At the recent Chamber of Commerce Business Expo, Haines Watts asked business owners and senior managers to identify their key business issues. Their responses were compared to those of Haines Watts’ clients nationally and some interesting conclusions were noted in the survey report.
For me, one of the most interesting findings was that business owners, both locally and nationally were concerned about the strength of their senior team. As noted in the report, this aligns with anecdotal evidence from myself and my colleagues who have found that many business owners feel that their businesses would suffer without them at the helm.
It isn’t hard to see the problems that this situation could present – a business reliant on one individual is extremely vulnerable. The health of the owner-manager is a concern both in terms of the stress of carrying the full responsibility for the business’ prosperity and because a prolonged illness or other enforced absence is likely to have a detrimental effect on the business.
The health of the business is also likely to suffer where an individual is so wrapped up in simply running the business that there is no time to take a strategic view of where the company is headed.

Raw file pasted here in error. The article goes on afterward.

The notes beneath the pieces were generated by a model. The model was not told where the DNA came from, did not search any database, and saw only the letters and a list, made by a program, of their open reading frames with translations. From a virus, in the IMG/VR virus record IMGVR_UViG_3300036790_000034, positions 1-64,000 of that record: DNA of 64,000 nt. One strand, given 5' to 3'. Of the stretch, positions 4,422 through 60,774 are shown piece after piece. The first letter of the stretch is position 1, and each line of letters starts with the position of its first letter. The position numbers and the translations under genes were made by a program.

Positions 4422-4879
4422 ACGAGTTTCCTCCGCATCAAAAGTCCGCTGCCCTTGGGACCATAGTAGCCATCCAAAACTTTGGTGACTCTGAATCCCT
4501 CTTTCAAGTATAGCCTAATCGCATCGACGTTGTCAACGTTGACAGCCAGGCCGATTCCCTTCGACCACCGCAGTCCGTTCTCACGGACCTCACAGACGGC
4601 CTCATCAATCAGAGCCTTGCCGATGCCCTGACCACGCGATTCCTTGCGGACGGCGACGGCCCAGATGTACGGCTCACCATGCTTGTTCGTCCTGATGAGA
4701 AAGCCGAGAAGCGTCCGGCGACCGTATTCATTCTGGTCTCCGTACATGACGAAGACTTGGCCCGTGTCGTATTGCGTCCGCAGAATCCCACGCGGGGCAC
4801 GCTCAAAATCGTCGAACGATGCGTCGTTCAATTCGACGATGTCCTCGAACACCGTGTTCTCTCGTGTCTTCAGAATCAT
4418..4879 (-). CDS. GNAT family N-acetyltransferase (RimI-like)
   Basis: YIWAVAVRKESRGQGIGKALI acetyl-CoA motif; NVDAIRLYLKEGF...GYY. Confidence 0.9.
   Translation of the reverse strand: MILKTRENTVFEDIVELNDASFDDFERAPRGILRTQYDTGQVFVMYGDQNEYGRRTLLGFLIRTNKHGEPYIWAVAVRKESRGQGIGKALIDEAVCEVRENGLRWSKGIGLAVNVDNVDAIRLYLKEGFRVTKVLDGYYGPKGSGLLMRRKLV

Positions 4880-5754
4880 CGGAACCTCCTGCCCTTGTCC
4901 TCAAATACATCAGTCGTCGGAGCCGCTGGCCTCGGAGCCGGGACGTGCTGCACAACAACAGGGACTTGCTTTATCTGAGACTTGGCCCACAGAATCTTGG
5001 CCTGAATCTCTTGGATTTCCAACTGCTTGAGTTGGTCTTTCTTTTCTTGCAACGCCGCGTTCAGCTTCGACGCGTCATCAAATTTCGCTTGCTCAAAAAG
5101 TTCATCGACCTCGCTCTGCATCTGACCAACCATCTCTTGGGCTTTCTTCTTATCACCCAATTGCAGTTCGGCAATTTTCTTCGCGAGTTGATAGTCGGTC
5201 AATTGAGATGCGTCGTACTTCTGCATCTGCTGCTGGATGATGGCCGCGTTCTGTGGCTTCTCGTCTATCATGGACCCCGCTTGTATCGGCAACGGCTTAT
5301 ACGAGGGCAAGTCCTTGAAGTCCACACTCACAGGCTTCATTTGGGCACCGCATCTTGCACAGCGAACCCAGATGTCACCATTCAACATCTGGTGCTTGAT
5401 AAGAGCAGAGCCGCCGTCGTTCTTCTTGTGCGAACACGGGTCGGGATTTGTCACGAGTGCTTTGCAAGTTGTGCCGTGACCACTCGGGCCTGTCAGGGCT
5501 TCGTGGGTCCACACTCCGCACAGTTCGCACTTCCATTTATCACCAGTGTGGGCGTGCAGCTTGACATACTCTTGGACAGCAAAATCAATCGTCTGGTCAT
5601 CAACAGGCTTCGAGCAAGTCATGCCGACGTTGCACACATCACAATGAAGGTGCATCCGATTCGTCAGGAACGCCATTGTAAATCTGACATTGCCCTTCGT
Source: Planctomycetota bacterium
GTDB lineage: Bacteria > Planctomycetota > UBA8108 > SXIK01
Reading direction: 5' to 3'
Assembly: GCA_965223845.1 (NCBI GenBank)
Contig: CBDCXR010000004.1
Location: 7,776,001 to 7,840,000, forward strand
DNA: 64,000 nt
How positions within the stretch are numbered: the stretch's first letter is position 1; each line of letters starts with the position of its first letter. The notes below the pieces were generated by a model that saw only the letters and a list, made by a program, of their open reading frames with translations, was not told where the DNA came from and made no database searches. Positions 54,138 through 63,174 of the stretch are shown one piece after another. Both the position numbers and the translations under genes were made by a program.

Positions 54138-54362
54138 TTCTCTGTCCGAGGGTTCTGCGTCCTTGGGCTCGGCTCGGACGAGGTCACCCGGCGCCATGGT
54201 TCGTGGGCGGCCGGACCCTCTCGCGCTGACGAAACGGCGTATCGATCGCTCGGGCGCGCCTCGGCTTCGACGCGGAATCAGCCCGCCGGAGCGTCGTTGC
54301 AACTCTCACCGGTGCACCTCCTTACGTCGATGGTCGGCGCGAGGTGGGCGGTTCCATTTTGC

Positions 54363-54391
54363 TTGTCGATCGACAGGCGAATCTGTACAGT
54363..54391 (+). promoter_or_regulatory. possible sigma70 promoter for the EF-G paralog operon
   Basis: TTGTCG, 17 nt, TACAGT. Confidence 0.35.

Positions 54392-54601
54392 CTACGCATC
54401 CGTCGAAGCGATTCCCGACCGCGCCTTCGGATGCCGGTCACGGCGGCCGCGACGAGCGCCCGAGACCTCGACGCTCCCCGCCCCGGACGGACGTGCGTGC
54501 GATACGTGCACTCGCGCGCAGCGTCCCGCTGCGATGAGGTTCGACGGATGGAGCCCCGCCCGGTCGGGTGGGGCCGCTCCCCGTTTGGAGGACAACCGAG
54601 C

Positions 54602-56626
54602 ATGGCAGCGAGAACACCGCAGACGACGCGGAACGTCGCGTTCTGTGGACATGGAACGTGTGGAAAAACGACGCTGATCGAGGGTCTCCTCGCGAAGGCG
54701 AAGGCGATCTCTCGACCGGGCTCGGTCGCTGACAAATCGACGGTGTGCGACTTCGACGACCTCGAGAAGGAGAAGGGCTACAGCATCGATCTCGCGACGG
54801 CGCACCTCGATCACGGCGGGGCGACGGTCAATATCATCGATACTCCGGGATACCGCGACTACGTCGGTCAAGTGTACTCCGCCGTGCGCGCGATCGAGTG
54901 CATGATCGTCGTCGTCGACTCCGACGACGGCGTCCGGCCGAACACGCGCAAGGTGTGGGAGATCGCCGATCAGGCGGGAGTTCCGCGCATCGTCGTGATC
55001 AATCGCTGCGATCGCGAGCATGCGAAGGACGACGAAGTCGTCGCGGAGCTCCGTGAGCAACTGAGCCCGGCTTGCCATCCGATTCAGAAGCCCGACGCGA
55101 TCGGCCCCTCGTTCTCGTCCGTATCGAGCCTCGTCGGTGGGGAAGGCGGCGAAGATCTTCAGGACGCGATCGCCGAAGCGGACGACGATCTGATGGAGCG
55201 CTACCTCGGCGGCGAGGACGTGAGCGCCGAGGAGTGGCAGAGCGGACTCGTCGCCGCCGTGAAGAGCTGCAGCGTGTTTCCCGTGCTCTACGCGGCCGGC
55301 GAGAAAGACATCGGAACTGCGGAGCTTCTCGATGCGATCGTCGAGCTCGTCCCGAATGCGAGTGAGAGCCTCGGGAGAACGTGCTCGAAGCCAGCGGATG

When the time comes, the self-reliant business owner may find it difficult to leave the business even when they’re ready to. A business reliant on one individual is not going to be attractive to potential buyers and their financial backers and, without a strong senior team, a management buy out is extremely unlikely.
So our survey respondents are right to be concerned and they are likely to have found that building a strong management team is a significant challenge. A Chartered Institute of Personnel and Development survey in 2013 found that 52% of businesses reported difficulties in recruiting at managerial level. This is likely to be compounded in rural areas such as Herefordshire as I have explored in a previous blog ‘All work and no pay’.
In addition to attracting talented managers there are further challenges in inspiring, motivating and retaining them. It’s not all about the money – business-owners must demonstrate that they are willing to let their managers take on responsibility and contribute to the strategic direction of the company. Naturally other incentives such as tax efficient share option schemes will also help to inspire long term commitment to the business and should be considered.
Haines Watts’ white paper ‘Your people, your business’ offers practical guidance on recruiting, retaining, managing and motivating staff and is a good starting point for those owner-managers whose New Years Resolution is to cultivate a management team they can depend on.
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